Location: Soil Management and Sugarbeet Research
Project Number: 3012-21220-011-000-D
Project Type: In-House Appropriated
Start Date: Mar 26, 2023
End Date: Mar 25, 2028
Objective 1: Phenotype and genotype global germplasm resources for Beta vulgaris spp. maritima (Bvm), Beta corolliflora (Bcor), and Patellifolia procumbens (Ppro) to enable trait discovery of resistance to Rhizoctonia Crown and Root Rot (RCRR), Fusarium Yellows (FY), and Sugar Beet Cyst Nematode (SBCN). Sub-objective 1.A: Phenotypic evaluation of Beta vulgaris spp. maritima, Beta corolliflora, and Patellifolia procumbens accessions for resistance to Rhizoctonia Crown and Root Rot, Fusarium Yellows, and Sugar Beet Cyst Nematode. Sub-objective 1.B: Whole genome sequencing of Beta vulgaris spp. maritima, Beta corolliflora, and Patellifolia procumbens accession pools to catalog genome-wide diversity. Sub-objective 1.C: Develop and deploy BeetBase: a centralized, cloud-based germplasm, genomics and phenomics database for the Beta research community. Objective 2: Develop inbred lines homozygous for new resistance traits for genome assembly and annotation to drive functional genomics studies to understand the molecular mechanisms of each gene and unravel the plant-pathogen interaction at a systems biology level. Sub-objective 2.A: Develop and release genetic stocks of sugar beet and crop wild relatives harboring disease resistance traits of interest alongside genomic resources for gene discovery and functional characterization.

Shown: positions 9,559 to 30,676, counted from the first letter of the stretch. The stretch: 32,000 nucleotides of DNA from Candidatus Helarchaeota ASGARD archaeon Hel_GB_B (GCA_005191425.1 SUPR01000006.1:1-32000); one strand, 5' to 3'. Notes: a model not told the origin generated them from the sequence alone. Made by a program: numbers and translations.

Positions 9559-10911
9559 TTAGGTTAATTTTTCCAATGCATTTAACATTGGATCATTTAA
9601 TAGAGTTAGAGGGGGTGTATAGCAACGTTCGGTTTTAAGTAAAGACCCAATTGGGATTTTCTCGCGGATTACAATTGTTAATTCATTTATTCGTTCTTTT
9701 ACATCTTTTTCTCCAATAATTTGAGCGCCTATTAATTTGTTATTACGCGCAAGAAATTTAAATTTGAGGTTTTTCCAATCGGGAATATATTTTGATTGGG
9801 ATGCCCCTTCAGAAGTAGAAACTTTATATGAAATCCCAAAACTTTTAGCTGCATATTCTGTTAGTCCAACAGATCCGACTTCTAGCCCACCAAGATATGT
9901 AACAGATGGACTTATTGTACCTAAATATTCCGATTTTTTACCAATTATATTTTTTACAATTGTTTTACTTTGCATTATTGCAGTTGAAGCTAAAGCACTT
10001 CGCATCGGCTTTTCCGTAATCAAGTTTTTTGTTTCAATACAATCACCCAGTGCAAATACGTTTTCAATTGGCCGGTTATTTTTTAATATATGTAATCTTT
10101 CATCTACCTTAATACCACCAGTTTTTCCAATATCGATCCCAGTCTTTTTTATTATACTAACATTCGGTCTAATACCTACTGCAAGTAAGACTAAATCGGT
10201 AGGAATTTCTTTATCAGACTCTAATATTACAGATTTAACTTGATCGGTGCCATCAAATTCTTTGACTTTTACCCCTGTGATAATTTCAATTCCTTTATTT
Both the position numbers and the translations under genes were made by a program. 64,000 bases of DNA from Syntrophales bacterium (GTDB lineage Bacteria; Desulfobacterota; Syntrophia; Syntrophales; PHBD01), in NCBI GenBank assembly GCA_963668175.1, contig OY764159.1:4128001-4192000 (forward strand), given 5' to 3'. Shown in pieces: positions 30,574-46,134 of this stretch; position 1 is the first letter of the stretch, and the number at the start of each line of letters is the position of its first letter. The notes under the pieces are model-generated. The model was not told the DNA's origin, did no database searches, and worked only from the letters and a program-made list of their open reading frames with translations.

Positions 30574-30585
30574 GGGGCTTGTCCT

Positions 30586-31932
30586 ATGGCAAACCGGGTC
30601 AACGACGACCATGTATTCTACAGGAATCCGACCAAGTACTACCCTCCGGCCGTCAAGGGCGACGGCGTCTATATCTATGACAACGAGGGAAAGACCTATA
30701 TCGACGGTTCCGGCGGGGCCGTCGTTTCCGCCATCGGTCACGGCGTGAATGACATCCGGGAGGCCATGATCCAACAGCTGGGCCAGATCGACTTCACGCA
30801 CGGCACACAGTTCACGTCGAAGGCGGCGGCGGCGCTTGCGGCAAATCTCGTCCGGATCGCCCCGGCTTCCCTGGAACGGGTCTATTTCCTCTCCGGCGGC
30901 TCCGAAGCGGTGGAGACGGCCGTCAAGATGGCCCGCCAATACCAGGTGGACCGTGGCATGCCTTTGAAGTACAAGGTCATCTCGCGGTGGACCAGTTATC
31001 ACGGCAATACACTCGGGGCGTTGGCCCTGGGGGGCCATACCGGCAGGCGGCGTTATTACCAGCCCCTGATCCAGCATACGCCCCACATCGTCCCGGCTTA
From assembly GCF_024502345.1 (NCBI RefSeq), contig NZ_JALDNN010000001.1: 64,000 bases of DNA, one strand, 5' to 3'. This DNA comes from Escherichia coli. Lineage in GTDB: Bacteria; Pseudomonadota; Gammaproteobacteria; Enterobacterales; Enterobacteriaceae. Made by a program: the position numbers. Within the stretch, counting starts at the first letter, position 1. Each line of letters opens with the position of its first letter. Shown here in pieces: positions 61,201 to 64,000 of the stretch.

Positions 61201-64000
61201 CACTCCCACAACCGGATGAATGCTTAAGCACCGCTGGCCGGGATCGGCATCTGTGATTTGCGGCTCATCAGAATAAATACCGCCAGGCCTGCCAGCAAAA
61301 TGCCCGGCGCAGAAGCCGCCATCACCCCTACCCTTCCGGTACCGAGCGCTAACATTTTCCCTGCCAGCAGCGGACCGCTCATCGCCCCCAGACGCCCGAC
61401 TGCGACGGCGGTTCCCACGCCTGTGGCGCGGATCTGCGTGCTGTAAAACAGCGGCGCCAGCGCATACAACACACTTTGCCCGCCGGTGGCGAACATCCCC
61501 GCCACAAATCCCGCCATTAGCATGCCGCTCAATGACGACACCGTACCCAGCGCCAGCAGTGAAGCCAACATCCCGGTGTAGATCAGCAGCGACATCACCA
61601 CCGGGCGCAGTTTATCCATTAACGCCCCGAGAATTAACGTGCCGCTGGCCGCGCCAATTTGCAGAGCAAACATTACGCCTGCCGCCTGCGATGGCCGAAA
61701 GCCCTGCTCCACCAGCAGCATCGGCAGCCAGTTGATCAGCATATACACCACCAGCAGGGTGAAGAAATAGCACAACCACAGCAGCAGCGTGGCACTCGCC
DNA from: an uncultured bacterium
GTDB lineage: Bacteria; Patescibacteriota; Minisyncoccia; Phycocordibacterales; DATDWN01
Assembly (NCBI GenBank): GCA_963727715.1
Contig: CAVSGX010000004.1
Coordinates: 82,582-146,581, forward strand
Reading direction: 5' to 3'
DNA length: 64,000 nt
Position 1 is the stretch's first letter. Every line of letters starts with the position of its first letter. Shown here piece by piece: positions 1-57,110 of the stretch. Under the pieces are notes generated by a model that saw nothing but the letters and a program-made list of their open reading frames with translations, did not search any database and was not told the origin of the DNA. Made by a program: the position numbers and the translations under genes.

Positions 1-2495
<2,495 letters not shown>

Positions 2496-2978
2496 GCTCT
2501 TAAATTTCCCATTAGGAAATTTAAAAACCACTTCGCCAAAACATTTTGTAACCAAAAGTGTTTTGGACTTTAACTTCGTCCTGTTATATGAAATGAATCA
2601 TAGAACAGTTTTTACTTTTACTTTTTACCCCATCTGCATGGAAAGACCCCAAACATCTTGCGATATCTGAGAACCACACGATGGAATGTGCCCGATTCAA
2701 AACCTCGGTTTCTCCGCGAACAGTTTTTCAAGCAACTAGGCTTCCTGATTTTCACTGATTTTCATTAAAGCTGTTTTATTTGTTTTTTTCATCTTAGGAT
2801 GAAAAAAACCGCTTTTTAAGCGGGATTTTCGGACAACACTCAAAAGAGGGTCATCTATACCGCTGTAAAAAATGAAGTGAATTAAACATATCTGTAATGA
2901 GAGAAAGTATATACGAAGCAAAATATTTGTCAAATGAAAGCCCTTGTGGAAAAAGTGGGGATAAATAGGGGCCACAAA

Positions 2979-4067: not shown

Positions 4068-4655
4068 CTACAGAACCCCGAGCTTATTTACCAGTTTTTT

Sugar beets provide more than half the sucrose consumed in the United States and can be one of the most profitable crops in the regions where they are grown. Susceptibility to diseases remains a dominant concern to sugar beet production in the United States. While successful examples of breeding disease resistance exist, including those using ARS germplasm as the foundation for breeding resistance, current processes for breeding are relatively slow and can take well over a decade. We aim to combine state-of-the-art phenomic and genomic research, leveraging germplasm derived from the public plant repositories, to accelerate the breeding of disease resistance into sugar beets. Specifically, we will phenotype and genotype global germplasm resources for Beta vulgaris spp. maritima, Beta corolliflora and Patellifolia procumbens to enable trait discovery of resistance to Rhizoctonia Crown and Root Rot, Fusarium Yellows and Sugar Beet Cyst Nematode. While doing so, we will develop and deploy imaging pipelines to accelerate the rate of phenotypic screening of sugar beet germplasm resources. To host the genomic and phenomic data that we produce, we will develop both a repository and toolkit for the sugar beet community, BeetBase, housed within ARS’s publicly available platform. Upon completion of the planned research, we anticipate shortening the disease resistance trait discovery cycle to 3-4 years. Results from this program address the immediate needs of sugar beet growers who are facing the aforementioned disease pressures, seed companies who are striving to develop improved lines of sugar beet, the sugar beet and broader scientific community who will benefit from our collaboration, techniques and data platforms and the American consumer.